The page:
According to the story, “Kate, who often works more than 60 hours a week, is in a class of workers who don’t show up in government reports. She’s one of the ‘permaterns’ – those perpetual interns, mostly in their twenties – who have been battered by the winds of the recession and are holding out hope that the conventional career wisdom that an internship leads to a job isn’t folklore from a bygone era – like the 1990s.” Read the rest of this entry »

Elections and Mammon: A Catholic View of Campaign Finance Reform

This artcile originally appeared at Aleteia

In January 2010, the Supreme Court’s now-landmark decision in Citizens United v. Federal Election Commission (FEC) did three important things: (1) it implicitly reaffirmed the old principle in American jurisprudence that corporations are legal persons, possessing most of the same natural rights as actual persons; (2) it declared that cash expenditures during elections are a form of speech, protected by the First Amendment to the Constitution; and (3) it concluded that restrictions on independent political expenditures by corporations are an unconstitutional violation of the First Amendment. The majority was comprised of Justice Anthony Kennedy, who wrote the decision, and Justices Scalia, Alito, Thomas, and Chief Justice Roberts. The minority was made of Justice Stevens – later replaced on the Court by Elena Kagan, the then-Solicitor General who presented the government’s case – and Justices Sotomayor, Ginsburg, and Breyer.

Given its later notoriety, the Citizens United decision was surprisingly narrow. It left in place, for instance, the longstanding ban on direct corporate funding of candidates and parties. It also elided the questions of limits on contributions, including those made to political action committees (PACs). Still, Citizens United has had an enormous effect on American democracy, particularly in the rise of the so-called “Super PACs” – a form of political action committee that may receive unlimited donations and spend the money in any way it chooses, so long as it doesn’t make direct contributions to or coordinate its own spending with candidates and parties. By November 2012, 266 Super PACs had collected and spent over half a billion dollars on the presidential election held that month. What’s more, much of that money is difficult to trace. Super PACs are required by the FEC to disclose the names of their official donors on a monthly or quarterly basis, but as one Washington Post writer put it, “disclosure isn’t the same as transparency.” Super PAC patrons are able to mask their donations by the use of hastily erected legal structures like limited liability companies (LLC). Thanks to Citizens United, American elections for national office are now characterized by virtually unlimited corporate donations to murky “independent expenditure-only” organizations with labyrinthine reporting requirements. Read the rest of this entry »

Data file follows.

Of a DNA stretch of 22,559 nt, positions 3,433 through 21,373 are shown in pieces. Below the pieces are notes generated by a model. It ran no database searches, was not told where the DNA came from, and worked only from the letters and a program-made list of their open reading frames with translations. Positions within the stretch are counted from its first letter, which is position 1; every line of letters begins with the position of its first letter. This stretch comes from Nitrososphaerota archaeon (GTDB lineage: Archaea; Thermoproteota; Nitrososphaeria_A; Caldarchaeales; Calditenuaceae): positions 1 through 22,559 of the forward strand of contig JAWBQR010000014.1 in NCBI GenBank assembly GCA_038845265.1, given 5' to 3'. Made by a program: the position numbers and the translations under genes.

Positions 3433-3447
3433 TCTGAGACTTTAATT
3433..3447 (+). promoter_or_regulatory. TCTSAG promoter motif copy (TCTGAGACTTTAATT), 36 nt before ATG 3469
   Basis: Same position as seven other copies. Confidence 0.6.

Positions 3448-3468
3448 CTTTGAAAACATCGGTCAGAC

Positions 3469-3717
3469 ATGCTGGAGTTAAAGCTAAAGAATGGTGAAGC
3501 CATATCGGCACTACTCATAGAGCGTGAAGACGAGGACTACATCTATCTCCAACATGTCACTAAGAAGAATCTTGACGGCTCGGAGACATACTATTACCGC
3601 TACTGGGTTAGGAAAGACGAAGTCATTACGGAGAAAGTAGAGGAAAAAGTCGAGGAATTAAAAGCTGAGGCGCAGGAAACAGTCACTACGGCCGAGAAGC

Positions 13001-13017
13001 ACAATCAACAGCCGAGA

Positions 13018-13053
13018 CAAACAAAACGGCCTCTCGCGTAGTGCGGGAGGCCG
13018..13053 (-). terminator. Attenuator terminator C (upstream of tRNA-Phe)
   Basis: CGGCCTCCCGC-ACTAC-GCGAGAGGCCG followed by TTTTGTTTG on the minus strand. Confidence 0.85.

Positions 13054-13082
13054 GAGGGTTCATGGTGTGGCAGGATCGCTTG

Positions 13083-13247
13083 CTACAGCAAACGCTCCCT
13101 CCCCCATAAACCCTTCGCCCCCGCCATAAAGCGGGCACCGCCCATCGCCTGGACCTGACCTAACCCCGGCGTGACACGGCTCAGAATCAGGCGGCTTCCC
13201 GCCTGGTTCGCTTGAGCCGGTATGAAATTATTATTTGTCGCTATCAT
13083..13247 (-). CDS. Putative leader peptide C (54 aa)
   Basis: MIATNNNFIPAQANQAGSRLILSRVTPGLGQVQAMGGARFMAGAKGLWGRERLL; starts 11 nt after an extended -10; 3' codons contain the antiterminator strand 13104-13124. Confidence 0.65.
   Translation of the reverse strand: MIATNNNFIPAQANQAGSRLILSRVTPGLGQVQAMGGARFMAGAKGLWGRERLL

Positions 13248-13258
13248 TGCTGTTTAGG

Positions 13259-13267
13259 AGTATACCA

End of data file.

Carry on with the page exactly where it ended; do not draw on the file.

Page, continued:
A Catholic Solution to Immigration Reform

This piece originally appeared at Aleteia

The issue of immigration reform continues to vex American policymakers despite nearly unanimous agreement on the source and scale of the problem. Though the numbers oscillate, it is generally acknowledged that some 11 million persons are living in the United States illegally. The majority of those persons – 6.5 million – come from Mexico, while another 1.5 million hail from the Central American countries of El Salvador, Guatemala, and Honduras. In a nation of 313 million people, that means that up to 3.5% of residents are here without documentation.